4. Bargaining/Negotiating: the concept’s central objective is to stay win-win. It strongly recommends to quit rather than to accept a losing situation for either the contractor or the customer.
  5. Limited trust: the concept and the Green Sheet have a section on trust building measures, if needed.
  6. Unknown organization and decision making: the approach contains a detailed buying influencer analysis. Asking to reveal the decision making process should beone of the first commitment questions.
  7. Fragility: the approach urges its users to look for basic issues and to find them by using attitude questions. They are marked as “red flags” which mark situations thathave to be taken care of in the tools (e.g., the Green Sheet).
  8. Right time: it is mentioned in the concept to address the right people with the right solution at the right time, though it is not explicitly mentioned in the Green Sheet. Yet, it can be conceived as part of the buying reason which is to be phrased from the customer’s perspective.
  9. Seriousness of interest: this is monitored by asking for the customer’s commitment, e.g., to provide a budget in combination with offering refunds when closing the deal instead of free incentives. Another approach is to use the discrepancy analysis to find out if the customer has true reasons for his interest.
  10. Buying is not selling: Miller Heiman explicitly differentiates selling and buying processes and strongly monitors the buying process using commitments requested from the customer.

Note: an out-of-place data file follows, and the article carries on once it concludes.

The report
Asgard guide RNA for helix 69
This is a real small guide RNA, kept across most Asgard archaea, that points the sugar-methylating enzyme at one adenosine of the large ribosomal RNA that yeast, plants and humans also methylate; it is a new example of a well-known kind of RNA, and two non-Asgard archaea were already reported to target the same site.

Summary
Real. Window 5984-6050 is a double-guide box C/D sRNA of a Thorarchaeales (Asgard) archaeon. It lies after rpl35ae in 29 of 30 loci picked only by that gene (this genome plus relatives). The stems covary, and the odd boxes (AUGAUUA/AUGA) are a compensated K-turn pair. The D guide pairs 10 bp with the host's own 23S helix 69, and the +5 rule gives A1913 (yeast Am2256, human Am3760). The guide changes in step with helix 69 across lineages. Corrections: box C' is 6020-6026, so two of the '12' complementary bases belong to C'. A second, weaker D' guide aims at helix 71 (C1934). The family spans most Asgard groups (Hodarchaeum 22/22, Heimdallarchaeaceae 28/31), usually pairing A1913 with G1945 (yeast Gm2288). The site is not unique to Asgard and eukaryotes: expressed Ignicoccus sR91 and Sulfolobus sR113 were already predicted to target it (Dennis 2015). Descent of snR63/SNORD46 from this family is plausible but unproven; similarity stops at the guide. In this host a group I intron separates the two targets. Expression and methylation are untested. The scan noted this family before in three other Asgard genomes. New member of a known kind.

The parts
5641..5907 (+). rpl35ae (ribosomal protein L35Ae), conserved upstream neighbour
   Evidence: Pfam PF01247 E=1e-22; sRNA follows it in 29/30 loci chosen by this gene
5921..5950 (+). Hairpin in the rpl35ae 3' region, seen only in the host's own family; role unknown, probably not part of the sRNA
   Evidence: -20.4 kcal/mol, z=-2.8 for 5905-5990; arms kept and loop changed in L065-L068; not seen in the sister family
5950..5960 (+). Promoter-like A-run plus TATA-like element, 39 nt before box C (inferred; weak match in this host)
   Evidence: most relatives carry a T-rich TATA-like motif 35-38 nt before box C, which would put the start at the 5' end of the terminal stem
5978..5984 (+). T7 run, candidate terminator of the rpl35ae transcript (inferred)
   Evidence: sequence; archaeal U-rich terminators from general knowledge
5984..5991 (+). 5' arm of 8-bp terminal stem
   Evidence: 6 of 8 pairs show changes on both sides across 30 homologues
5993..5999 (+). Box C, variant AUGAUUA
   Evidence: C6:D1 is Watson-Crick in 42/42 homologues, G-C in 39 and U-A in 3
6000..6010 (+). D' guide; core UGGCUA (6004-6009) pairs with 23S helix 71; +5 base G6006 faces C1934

As already mentioned, each of the risk responses allows defining criteria or situations when the contractor should exit or quit the pre-sales activities in order to save his preinvestment or not to start an unfavorable business relationship. On the other end, signs or reasons that the customer might quit for are marked with red flags in the tool.

Previous: Pre-Sales RE – Pt 2: Pre-Sales Challenges–The Risks
Next: Pre-Sales RE – Pt 4: Mitigating Secondary Risks – The Requirements Engineering Risk Responses

Christoph Oemig

Christoph Oemig

studierte Medieninformatik mit dem Schwerpunkt Mensch-Computer Interaktion und Betriebswirtschaft in Wedel und Furtwangen. Er ist IREB Certified Professional for Requirements Engineering (CPRE), IIBA Certfied Business Analysis Professional (CBAP), UXQB Certified Professional for Usability and User Experience (CPUX) und gestaltet als Lead Business Analyst bei der Deutschen Bank die anforderungstechnischen Belange im Bereich Cash und Selbstbedienung. Er ist Mitglied der Fachgruppe Requirements Engineering der Gesellschaft für Informatik (GI) sowie des Berufsverbandes der Deutschen Usability und User Experience Professionals (German UPA) und regelmäßig Referent auf Tagungen und Konferenzen zu Themen des Requirements Engineerings, der Business Analyse sowie dem Usability Engineering.
Christoph Oemig

2 Gedanken zu “Pre-Sales RE – Pt 3: Mitigating Primary Risks–The Sales Risk Responses

  1. Pingback: Pre-Sales Challenges–The Risks |

  2. Pingback: Mitigating Secondary Risks - The Requirements Engineering Risk

Schreibe einen Kommentar

Deine E-Mail-Adresse wird nicht veröffentlicht. Erforderliche Felder sind mit * markiert.